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Nursing Excellence

The Online Newsletter for Children's Nurses
e-Edition, Issue 8 


Randy Guerrero

Nursing Through the Generations

By Lori Holder, RN, CPN

Who would have thought that we are serving in one of the oldest professions?  Anthropologists speculate that in most ancient civilizations women were responsible for nurturing, nourishing and providing care to children and ill family members and eventually entire tribes.1 By the 16th century, nurses were known as persons who wait upon or tend to the sick. Male nurses were first documented in practicing primitive nursing during the 17th century. It was during this time in history that men and women provided nursing care while serving punishment.2 It wasn’t until the 19th century that the definition of nursing was broadened to include those trained to tend to the sick and carry out duties under the direction of a physician.3 

Most people associate the beginning of nursing with Florence Nightengale in the 19th century. Ms. Nightengale is considered to be the founder of modern nursing. She was instrumental in establishing sanitary conditions and reducing mortality rates during the Crimean War. She wrote books on nursing; her most distinguished being “Notes on Hospitals” and “Notes on Nursing, What It Is and What It Is Not.” She opened the Nightengale Training School for nurses in London in 1860 and inspired the opening of three U.S. schools based on her model.4 

But nursing has had many turns over the centuries and existed long before Florence Nightengale. In the first century, Christianity had a large influence on nursing. Educated and wealthy women dedicated themselves to caring for the sick and poverty stricken. Phoebe, with the Order of the Deaconesses, became the first visiting nurse as she was ordained by a church official to meet the needs of women converts, and secondly, to visit the sick.5 Many early nurses had religious affiliations, such as the nuns who are honored with the wearing of traditional nursing caps.6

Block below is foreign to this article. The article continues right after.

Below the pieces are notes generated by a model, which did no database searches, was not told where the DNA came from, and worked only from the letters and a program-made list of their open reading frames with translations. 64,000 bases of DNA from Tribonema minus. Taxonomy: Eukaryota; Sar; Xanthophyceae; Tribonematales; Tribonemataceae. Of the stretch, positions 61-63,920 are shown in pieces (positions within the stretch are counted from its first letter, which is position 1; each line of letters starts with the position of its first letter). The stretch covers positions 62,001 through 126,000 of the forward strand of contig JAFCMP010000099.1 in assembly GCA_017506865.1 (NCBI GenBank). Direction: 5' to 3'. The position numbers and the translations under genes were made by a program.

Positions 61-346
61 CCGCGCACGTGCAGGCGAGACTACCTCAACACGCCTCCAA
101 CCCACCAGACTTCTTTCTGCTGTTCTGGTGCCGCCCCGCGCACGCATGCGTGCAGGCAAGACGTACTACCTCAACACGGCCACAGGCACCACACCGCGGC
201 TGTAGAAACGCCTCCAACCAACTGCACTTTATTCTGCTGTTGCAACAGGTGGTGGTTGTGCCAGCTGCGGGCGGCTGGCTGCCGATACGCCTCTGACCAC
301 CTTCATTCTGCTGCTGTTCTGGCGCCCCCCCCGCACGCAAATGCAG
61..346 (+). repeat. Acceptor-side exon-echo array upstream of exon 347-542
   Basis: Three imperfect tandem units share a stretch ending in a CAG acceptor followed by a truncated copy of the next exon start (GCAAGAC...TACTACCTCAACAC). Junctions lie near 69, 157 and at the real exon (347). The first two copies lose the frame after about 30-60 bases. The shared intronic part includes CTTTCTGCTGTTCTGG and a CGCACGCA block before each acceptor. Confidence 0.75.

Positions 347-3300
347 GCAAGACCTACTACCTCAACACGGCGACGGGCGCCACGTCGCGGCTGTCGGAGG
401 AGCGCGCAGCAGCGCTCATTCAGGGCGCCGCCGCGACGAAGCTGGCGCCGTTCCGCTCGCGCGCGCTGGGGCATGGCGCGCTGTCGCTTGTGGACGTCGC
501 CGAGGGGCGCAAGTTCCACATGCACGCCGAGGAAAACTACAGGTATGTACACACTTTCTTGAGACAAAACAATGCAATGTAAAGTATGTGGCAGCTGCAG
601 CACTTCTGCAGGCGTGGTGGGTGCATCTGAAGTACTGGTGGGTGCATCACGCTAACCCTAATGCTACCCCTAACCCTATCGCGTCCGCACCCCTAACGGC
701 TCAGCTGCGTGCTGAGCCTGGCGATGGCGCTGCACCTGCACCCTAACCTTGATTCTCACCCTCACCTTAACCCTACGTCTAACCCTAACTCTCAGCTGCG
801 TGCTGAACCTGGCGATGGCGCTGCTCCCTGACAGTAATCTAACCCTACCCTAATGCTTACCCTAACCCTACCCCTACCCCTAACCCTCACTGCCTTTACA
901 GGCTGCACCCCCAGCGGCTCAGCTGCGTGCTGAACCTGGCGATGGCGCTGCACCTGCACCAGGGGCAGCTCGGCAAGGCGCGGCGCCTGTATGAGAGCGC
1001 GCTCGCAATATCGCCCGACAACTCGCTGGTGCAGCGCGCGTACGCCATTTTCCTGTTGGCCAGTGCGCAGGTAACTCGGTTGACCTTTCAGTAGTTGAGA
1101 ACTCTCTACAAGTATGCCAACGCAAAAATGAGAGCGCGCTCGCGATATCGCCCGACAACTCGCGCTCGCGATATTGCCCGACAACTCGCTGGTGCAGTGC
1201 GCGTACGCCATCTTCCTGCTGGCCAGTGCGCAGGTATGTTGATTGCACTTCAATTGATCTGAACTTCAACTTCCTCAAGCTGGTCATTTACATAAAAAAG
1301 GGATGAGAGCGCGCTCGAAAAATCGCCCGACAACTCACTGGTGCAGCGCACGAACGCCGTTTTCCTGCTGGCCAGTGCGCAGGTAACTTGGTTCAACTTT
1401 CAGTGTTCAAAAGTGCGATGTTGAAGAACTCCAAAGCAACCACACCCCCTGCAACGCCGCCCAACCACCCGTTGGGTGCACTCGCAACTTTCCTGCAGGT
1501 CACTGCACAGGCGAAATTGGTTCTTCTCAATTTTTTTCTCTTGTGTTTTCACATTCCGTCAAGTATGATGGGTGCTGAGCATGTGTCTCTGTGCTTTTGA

In the Middle Ages came the Plague, and so did the construction of hospitals and the founding of many nursing orders. During this period monks and nuns provided patient care in the hospital setting traditionally run by the deaconesses.7 

Not until the Industrial Revolution during the 18th and 19th centuries did caring for the sick become socially acceptable and even praiseworthy. Nursing textbooks were written and schools of nursing developed during the period.8 By the turn of the 20th century nursing associations began establishing and operating private duty registries. Nurses were empowered to establish enterprises owned by nurses. This is proof of the power nurses hold over their professional careers.9 

War has also had a great influence on nursing, as the demand for care of the sick and wounded increased the need for nurses. Nurses were military personnel. During the Crusades nurses were knights employed in battle.10 Nurses returned from war trained in such specialties as anesthesia and psychiatric care. 

During the American Civil War, many early nursing leaders emerged and the value of prevention in healthcare began to be understood. Dorthea Dix formed the U.S. Sanitation Commission, which was a formal training service for nurses.  Her only requirements were that you were not too young, not too pretty, and of strict moral character.11 

Developments in healthcare such as intensive care units, emergency/trauma treatment, and recovery rooms during the Korean War and Vietnam War created the need for the advanced technical skills of nurses. Hospital staffing was constrained by nurses specializing in certain care aspects. The 1950’s were a time in which nurses autoclaved catheters and sharpened needles. Nursing experienced a professional awakening as the Nursing Diagnosis was introduced in the 1950’s. Nurses were able to pursue master’s and doctorate degrees. Nurse practitioners came on the scene in the 1960’s. Nurses now had increased opportunity for employment outside the hospital setting and were able to work semi-independent of physicians.12